Trial after dog became "morbidly obese"
PUBLISHED: 13:14 29 November 2006 | UPDATED: 13:36 04 May 2010
TWO brothers allowed a dog to get so fat it could not walk properly and had to drag itself along the floor by its front legs, a court has heard. The chocolate Labrador called Rusty, was taken into care by the RSPCA after a complaint from a member of the p
TWO brothers allowed a dog to get so fat it could not walk properly and had to drag itself along the floor by its front legs, a court has heard.
The chocolate Labrador called Rusty, was taken into care by the RSPCA after a complaint from a member of the public earlier this year prompted a home visit to the dog, which was twice its recommended size.
At more than 11-and-a-half stone in weight, nine-year-old Rusty could walk only a few paces before stopping to rest.
His owners, brothers Derek and David Benton of Newport Avenue, Fordham, were in Ely Magistrates' Court yesterday accused of allowing the dog to become "morbidly obese".
Stephen Climie, prosecuting on behalf of the RSPCA, said the Benton brothers had caused unnecessary pain and suffering by failing to provide the dog with an appropriate diet.
He said an RSPCA inspector found the dog to be "hugely and grossly" overweight when he saw it in February.
Inspector Jason Finch, of the RSPCA, said he removed the dog after the owners did not follow advice to take him to a vet.
He added: "When I removed the dog from the house he was extremely uncomfortable and seemed unable to move."
Rusty was taken from the brothers' home in March this year and after a veterinary examination was put into foster care.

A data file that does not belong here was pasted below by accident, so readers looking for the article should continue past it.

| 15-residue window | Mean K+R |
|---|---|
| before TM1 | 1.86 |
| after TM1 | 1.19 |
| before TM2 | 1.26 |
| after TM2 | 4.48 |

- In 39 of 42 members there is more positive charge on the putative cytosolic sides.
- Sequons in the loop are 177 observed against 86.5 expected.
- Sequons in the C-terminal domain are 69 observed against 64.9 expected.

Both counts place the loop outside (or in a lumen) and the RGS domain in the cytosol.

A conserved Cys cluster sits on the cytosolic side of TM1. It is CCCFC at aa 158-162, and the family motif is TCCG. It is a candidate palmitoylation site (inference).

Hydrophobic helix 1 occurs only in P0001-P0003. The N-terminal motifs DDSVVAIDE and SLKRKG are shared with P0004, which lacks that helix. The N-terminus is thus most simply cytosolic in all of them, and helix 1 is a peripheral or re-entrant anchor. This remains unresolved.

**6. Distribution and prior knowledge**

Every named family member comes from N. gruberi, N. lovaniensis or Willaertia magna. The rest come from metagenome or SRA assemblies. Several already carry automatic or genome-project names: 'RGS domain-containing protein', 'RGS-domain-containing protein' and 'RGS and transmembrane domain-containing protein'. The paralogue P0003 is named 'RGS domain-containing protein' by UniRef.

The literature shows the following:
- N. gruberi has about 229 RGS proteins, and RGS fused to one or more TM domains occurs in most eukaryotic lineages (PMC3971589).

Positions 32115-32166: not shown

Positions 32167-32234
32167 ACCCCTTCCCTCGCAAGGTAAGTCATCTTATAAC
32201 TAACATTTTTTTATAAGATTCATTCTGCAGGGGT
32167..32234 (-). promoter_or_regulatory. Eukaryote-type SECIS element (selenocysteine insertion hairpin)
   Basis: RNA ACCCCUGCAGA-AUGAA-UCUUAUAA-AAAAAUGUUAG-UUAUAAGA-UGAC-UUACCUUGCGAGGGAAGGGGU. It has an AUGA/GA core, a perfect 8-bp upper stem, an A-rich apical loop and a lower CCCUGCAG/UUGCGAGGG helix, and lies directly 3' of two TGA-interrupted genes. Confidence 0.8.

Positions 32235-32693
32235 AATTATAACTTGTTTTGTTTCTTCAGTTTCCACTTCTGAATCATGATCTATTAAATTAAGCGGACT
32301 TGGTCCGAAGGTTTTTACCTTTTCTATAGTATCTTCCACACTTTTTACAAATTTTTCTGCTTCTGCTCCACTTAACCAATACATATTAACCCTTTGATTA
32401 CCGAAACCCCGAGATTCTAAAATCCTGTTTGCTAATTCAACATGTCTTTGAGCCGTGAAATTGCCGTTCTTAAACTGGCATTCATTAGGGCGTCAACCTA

Alexandra Wylie, veterinarian at Eastgate Vets in Bury St Edmunds, said Rusty suffered from Hip Dysplasia and was "morbidly obese" when she first saw him.
"Weight is not a cause of Hip Dysplasia - weight causes a deterioration in the dogs arthritis and hips, it will make it more painful," she said.
"A dog of Rusty's breed we wouldn't want over 40 kilos - he was enormous. He could only walk eight to 10 steps before sitting down - it was horrible to see a dog that couldn't walk.
"He dragged himself around by his front legs."
She also said Rusty had severe ear infections with pus and inflamed ear canals, which would have been very painful for him.
The Bentons had given him eardrops bought from a pet shop but Ms Wylie said they were for ear infestations not ear infections.
She added Rusty also had a condition where when he was over excited or had over-exerted himself his tongue would turn blue because it was not getting enough oxygen.
Helen Wilding, who has fostered Rusty since May this year said he had difficulty walking but has made dramatic improvements both in mobility and weight loss since being on a prescribed diet.
"It's absolutely amazing, he's a completely different dog - he's active and will walk up and down the street now."
The Benton brothers deny causing unnecessary pain and suffering to Rusty.
The trial continues.
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